The ruling of a South Korean court ignited bilateral trade ties. Since then, relations have tread mostly southwards.
On Monday South Korea announced, it plans on investing $6.48 billion (7.8 trillion won) in research and development for local materials, equipment and parts over the next seven years in order to cut its reliance on Japanese imports.
The development comes in the wake of Japan on Friday dropping Seoul from its “white list” – a list of countries with whom it fast-tracks import/exports – thus intensifying a row over wartime forced laborers.
Last month, Japan its tightened controls over the export of materials used to make chips. The move has threatened to disrupt global semiconductor supplies. Affected companies range from China’s Huawei to Apple Inc.
“We want to turn the crisis into an opportunity for the materials, parts and equipment industry,” said Sung Yun-mo, South Korea’s industry minister, at a press conference.
As a result, South Korea now plans on attaining “self-sufficiency” status for at least 100 key components, materials and equipment used in making chips, batteries, displays, automobiles and other products, over the next five years.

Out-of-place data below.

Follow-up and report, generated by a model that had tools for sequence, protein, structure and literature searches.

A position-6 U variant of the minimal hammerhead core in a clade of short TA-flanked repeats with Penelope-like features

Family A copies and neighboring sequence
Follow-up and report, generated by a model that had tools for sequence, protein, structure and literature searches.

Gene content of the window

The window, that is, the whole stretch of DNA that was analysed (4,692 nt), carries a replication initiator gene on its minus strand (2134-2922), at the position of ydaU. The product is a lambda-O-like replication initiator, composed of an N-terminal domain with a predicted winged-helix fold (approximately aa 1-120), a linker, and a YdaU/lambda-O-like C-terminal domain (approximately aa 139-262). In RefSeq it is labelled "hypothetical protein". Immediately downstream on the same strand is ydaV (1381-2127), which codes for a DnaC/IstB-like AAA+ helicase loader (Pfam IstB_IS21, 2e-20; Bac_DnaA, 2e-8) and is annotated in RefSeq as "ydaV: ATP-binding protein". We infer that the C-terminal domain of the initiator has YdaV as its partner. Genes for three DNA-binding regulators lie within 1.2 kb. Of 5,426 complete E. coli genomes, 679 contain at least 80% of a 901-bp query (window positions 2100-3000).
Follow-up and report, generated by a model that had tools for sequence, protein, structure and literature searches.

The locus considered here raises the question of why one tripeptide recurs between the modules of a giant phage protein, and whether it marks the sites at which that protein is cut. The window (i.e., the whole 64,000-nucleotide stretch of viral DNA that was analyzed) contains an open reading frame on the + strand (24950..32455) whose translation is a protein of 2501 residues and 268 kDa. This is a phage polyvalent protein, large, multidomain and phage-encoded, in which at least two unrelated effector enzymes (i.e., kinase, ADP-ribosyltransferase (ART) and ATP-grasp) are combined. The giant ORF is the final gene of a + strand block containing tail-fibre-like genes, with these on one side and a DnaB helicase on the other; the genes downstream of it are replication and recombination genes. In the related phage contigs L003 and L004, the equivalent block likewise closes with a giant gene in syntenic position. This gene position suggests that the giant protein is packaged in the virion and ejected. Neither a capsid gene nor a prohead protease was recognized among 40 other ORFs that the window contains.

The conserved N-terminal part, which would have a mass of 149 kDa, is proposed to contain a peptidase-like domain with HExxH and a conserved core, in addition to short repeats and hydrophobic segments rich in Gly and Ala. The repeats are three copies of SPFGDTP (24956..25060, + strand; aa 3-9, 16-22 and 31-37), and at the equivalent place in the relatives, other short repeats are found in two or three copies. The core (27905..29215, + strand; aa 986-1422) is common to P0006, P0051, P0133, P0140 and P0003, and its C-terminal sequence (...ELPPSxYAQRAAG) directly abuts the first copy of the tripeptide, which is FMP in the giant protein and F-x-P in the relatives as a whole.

The plan aims to “address structural weakness in South Korea’s materials, parts and equipment sector, which heavily depends on a particular country,” said the South Korean government in a statement.
South Korea has also laid out measures, including providing financial support of more than 2.5 trillion won, for overseas acquisitions.
Japan has cited unspecified security reasons for its export curbs.
In 2018, a South Korean court had ruled that Japanese firms will have to pay compensation for wartime forced laborers – a matter Japan said it had settled in the 1965 treaty which normalized bilateral relations.
($1 = 1,204.5100 won)